DENVER – Denver District Attorney Beth McCann won’t file charges against the Denver Police Department’s chief or deputy chief after the department allegedly violated the Colorado Open Records Act (CORA) when it initially kept secret a letter from the former district attorney concerning a controversial arrest last year.
McCann’s decision comes after a months-long investigation by Denver7 Investigates into the letter, which was obtained by the investigative team in January.
In the letter, then-District Attorney Mitch Morrissey wrote to Police Chief Robert White about his concerns over an investigation into an alleged rape committed by a DPD officer and another woman who were arrested but never charged.
In the letter, Morrissey took issue with DPD Deputy Chief Matthew Murray’s discretion and actions during the investigation, particularly with Murray’s decision to “rush to judgment” in arresting the people involved in the case, and bypassing what Morrissey says were long-engrained rules about consulting with the district attorney’s office about “serious investigations.”
Though White responded with a two-sentence letter to Morrissey in June 2016—a month after Morrissey originally sent the letter.
The Denver Police Department’s rank-and-file union, the Denver Police Protective Association (DPPA) had made formal CORA requests to DPD on December 28 of last year and Jan. 3 of this year for Morrissey’s letter and White’s response, but didn’t receive Morrissey’s letter to the department until Jan. 30—more than a month after the original request, days after Denver7 asked police about the letters and the records denials.
By then, DPPA had already received both Morrissey and White’s letters from the district attorney’s office three weeks earlier via a separate CORA request.
“They lied and said that the letter didn't exist, that there were no records responsive to our request,” union president Nick Rogers told Denver7 Investigates in January. “It was nothing but an out-and-out lie.”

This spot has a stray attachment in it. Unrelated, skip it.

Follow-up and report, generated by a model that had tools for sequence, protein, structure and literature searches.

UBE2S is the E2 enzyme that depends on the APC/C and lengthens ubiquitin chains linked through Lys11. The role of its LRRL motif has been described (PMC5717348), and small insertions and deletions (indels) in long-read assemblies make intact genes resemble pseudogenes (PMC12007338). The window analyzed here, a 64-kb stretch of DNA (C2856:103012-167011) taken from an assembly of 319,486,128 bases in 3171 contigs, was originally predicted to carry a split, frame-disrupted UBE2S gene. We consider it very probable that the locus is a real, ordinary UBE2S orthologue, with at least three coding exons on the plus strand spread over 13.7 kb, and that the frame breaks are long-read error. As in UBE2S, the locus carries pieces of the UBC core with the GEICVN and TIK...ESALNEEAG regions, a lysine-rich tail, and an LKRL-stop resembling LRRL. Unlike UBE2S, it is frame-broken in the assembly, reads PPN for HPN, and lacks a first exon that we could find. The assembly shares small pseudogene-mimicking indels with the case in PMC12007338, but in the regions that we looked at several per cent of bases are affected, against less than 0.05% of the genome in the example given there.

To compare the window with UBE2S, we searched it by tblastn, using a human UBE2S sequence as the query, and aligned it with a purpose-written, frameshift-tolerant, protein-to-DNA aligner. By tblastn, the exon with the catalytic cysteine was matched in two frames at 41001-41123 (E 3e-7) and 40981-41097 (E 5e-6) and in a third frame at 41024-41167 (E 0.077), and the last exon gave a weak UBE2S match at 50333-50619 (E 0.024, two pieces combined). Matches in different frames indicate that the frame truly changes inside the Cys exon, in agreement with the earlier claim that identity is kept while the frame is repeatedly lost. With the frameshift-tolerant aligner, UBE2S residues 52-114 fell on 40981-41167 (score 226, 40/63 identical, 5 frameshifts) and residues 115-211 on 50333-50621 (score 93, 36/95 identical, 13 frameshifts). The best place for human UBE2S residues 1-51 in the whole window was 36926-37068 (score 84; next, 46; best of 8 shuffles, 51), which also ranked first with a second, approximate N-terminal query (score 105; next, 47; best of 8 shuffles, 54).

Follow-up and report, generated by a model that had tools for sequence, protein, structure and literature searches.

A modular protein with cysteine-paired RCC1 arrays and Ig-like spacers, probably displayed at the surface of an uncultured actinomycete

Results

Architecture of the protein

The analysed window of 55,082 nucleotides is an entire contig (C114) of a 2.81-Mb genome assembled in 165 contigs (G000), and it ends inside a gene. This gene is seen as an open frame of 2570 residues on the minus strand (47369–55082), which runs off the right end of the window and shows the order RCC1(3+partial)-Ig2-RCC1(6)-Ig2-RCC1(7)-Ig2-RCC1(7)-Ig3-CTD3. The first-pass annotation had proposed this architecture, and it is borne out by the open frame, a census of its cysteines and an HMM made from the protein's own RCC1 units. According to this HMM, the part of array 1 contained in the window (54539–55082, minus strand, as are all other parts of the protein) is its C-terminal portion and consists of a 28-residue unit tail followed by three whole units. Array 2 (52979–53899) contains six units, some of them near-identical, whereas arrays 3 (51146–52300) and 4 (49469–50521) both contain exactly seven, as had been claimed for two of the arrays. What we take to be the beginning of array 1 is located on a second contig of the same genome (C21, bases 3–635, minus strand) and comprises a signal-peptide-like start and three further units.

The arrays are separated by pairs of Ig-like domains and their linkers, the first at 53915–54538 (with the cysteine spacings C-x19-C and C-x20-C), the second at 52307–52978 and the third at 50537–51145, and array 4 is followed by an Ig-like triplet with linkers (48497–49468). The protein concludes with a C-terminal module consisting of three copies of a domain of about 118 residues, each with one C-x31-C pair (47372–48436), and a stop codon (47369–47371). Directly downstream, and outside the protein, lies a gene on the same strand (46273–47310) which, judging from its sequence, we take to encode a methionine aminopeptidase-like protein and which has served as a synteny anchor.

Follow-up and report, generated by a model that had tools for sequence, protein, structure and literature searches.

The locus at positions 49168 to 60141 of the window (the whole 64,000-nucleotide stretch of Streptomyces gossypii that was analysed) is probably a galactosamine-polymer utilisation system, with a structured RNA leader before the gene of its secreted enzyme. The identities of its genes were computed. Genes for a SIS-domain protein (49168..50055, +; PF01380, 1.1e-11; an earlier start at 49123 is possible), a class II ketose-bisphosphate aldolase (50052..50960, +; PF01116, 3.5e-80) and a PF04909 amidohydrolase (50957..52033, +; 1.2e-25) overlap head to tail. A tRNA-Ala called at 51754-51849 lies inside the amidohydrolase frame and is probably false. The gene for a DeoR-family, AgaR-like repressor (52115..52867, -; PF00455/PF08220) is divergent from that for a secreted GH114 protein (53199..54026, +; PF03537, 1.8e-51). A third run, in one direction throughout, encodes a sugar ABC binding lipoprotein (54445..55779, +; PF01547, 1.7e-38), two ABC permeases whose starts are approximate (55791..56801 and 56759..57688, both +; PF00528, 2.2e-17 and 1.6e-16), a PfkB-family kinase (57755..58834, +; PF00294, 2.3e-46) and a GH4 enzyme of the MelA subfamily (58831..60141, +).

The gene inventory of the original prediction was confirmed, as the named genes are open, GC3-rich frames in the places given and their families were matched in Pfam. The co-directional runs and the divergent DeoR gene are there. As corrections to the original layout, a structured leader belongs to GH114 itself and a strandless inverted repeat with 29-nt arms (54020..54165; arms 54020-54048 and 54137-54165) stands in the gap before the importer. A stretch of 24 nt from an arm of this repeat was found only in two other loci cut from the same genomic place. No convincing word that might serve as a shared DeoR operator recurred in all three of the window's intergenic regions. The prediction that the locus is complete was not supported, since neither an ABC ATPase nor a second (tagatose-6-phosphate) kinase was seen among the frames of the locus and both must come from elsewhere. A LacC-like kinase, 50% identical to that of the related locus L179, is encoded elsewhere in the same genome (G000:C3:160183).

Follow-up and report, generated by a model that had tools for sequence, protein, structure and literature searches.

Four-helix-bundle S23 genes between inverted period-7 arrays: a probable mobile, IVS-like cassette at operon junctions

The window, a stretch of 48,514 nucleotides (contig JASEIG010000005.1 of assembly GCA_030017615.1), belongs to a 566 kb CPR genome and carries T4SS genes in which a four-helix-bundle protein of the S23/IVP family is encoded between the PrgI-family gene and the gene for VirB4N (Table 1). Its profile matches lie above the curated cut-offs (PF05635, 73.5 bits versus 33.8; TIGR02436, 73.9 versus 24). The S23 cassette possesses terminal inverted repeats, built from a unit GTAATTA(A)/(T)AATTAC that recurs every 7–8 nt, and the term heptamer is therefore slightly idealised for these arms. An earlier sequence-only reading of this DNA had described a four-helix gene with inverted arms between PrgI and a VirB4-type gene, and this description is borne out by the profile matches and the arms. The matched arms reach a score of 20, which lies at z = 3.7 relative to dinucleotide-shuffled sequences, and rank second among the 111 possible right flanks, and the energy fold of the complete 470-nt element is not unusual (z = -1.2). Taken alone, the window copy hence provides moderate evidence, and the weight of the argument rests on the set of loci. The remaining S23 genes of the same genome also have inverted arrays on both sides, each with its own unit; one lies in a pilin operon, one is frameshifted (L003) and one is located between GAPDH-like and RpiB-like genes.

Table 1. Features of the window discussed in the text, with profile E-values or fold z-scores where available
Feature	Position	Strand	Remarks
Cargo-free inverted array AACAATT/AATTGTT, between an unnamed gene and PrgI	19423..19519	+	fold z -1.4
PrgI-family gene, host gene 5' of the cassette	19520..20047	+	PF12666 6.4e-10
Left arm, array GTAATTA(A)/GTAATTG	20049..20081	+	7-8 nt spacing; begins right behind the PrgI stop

In March, McCann’s office opened an investigation as to whether DPD violated CORA laws, and Denver’s Department of Public Safety opened an independent investigation into both the original case and the open records spat.
Now that the district attorney's decision has been made, the city's investigation will continue.
“We have engaged a third party to handle the administrative investigation into this matter,” said Denver Department of Public Safety Communications Director Daelene Mix. “Now that the District Attorney’s office has concluded its work, we will advance the findings to the third party and the administrative investigation will commence.”
First Amendment attorney Steve Zansberg said DPD’s open records denials raised “significant suspicion” when he talked to Denver7 Investigates about the case in March.
“It raises significant suspicion that they were unable to find a letter until you told them you had a copy of it,” Zansberg told Denver7’s chief investigative reporter Tony Kovaleski.
But McCann said Thursday that there was not “sufficient evidence…to find a knowing and willful violation of CORA beyond a reasonable doubt.”
She did not fully exonerate White and Murray’s handling of the records, however, despite saying no one will face charges.
“The CORA requests in question were handled carelessly by DPD, particularly by Chief White and Deputy Chief Murray,” McCann said. “The public has the right to expect a quick and thoughtful response to CORA requests by city officials, particularly by its police leadership.”
She also urged the Denver Department of Safety and DPD to “examine and improve” its process for responding to CORA requests.
“These requests provide the public with important access to government documents. Immediate and thorough responses are critical to provide transparency and accountability in government operations,” McCann said.